“Monsters are a boon for gods. Imagine all the prayers.” So says Circe, a sly, petulant, and finally commanding voice that narrates the entirety of Miller’s dazzling second novel. The writer returns to Homer, the wellspring that led her to an Orange Prize for The Song of Achilles (2012). This time, she dips into The Odyssey for the legend of Circe, a nymph who turns Odysseus’ crew of men into pigs. The novel, with its distinctive feminist tang, starts with the sentence: “When I was born, the name for what I was did not exist.” Readers will relish following the puzzle of this unpromising daughter of the sun god Helios and his wife, Perse, who had negligible use for their child. It takes banishment to the island Aeaea for Circe to sense her calling as a sorceress: “I will not be like a bird bred in a cage, I thought, too dull to fly even when the door stands open. I stepped into those woods and my life began.” This lonely, scorned figure learns herbs and potions, surrounds herself with lions, and, in a heart-stopping chapter, outwits the monster Scylla to propel Daedalus and his boat to safety. She makes lovers of Hermes and then two mortal men. She midwifes the birth of the Minotaur on Crete and performs her own C-section. And as she grows in power, she muses that “not even Odysseus could talk his way past [her] witchcraft. He had talked his way past the witch instead.” Circe’s fascination with mortals becomes the book’s marrow and delivers its thrilling ending. All the while, the supernatural sits intriguingly alongside “the tonic of ordinary things.” A few passages coil toward melodrama, and one inelegant line after a rape seems jarringly modern, but the spell holds fast. Expect Miller’s readership to mushroom like one of Circe’s spells.

Miller makes Homer pertinent to women facing 21st-century monsters.

Pub Date: April 10, 2018

ISBN: 978-0-316-55634-7

Page Count: 400

Publisher: Little, Brown

Review Posted Online: Jan. 23, 2018

Kirkus Reviews Issue: Feb. 1, 2018

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The writing is merely serviceable, and one can’t help but wish the author had found a way to present her material as...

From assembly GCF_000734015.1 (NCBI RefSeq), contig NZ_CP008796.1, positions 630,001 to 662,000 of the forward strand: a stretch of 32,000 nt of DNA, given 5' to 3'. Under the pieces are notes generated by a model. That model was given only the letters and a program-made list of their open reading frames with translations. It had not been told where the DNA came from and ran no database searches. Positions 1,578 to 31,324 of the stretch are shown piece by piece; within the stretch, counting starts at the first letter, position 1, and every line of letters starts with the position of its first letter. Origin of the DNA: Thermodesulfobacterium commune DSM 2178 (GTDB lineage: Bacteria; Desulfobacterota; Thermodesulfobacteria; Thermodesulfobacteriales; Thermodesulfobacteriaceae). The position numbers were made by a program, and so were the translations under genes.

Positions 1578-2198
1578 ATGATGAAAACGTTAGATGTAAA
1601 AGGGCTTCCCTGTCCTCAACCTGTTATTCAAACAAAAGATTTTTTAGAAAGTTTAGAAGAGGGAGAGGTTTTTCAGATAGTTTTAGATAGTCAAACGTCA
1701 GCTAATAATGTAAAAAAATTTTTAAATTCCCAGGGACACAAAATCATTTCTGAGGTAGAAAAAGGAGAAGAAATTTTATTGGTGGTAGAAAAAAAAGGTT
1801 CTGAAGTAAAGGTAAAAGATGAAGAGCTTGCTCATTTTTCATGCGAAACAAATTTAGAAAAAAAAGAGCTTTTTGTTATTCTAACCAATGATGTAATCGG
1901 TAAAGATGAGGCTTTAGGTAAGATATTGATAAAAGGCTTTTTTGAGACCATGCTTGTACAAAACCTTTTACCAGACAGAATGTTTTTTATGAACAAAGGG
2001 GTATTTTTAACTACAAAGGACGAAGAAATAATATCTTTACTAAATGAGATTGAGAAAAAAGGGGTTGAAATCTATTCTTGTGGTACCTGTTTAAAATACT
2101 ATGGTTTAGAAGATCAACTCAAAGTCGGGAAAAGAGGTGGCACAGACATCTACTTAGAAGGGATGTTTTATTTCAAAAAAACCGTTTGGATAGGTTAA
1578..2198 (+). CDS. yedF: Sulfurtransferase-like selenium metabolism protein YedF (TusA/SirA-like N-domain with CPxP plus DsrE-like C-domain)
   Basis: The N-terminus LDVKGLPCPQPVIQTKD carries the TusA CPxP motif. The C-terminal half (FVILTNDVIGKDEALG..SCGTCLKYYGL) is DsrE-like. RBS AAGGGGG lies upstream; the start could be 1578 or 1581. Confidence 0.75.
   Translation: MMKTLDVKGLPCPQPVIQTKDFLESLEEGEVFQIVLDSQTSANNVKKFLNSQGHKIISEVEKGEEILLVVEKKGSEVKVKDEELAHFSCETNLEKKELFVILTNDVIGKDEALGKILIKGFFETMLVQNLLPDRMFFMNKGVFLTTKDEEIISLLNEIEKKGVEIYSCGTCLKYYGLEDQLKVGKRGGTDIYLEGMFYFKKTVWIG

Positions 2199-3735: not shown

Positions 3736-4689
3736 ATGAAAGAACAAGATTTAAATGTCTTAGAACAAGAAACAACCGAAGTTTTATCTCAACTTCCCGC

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THE TATTOOIST OF AUSCHWITZ

An unlikely love story set amid the horrors of a Nazi death camp.

Based on real people and events, this debut novel follows Lale Sokolov, a young Slovakian Jew sent to Auschwitz in 1942. There, he assumes the heinous task of tattooing incoming Jewish prisoners with the dehumanizing numbers their SS captors use to identify them. When the Tätowierer, as he is called, meets fellow prisoner Gita Furman, 17, he is immediately smitten. Eventually, the attraction becomes mutual. Lale proves himself an operator, at once cagey and courageous: As the Tätowierer, he is granted special privileges and manages to smuggle food to starving prisoners. Through female prisoners who catalog the belongings confiscated from fellow inmates, Lale gains access to jewels, which he trades to a pair of local villagers for chocolate, medicine, and other items. Meanwhile, despite overwhelming odds, Lale and Gita are able to meet privately from time to time and become lovers. In 1944, just ahead of the arrival of Russian troops, Lale and Gita separately leave the concentration camp and experience harrowingly close calls. Suffice it to say they both survive. To her credit, the author doesn’t flinch from describing the depravity of the SS in Auschwitz and the unimaginable suffering of their victims—no gauzy evasions here, as in Boy in the Striped Pajamas. She also manages to raise, if not really explore, some trickier issues—the guilt of those Jews, like the tattooist, who survived by doing the Nazis’ bidding, in a sense betraying their fellow Jews; and the complicity of those non-Jews, like the Slovaks in Lale’s hometown, who failed to come to the aid of their beleaguered countrymen.

The writing is merely serviceable, and one can’t help but wish the author had found a way to present her material as nonfiction. Still, this is a powerful, gut-wrenching tale that is hard to shake off.

Pub Date: Sept. 4, 2018

ISBN: 978-0-06-279715-5

Page Count: 272

Publisher: Harper/HarperCollins

Review Posted Online: July 17, 2018

Kirkus Reviews Issue: Aug. 1, 2018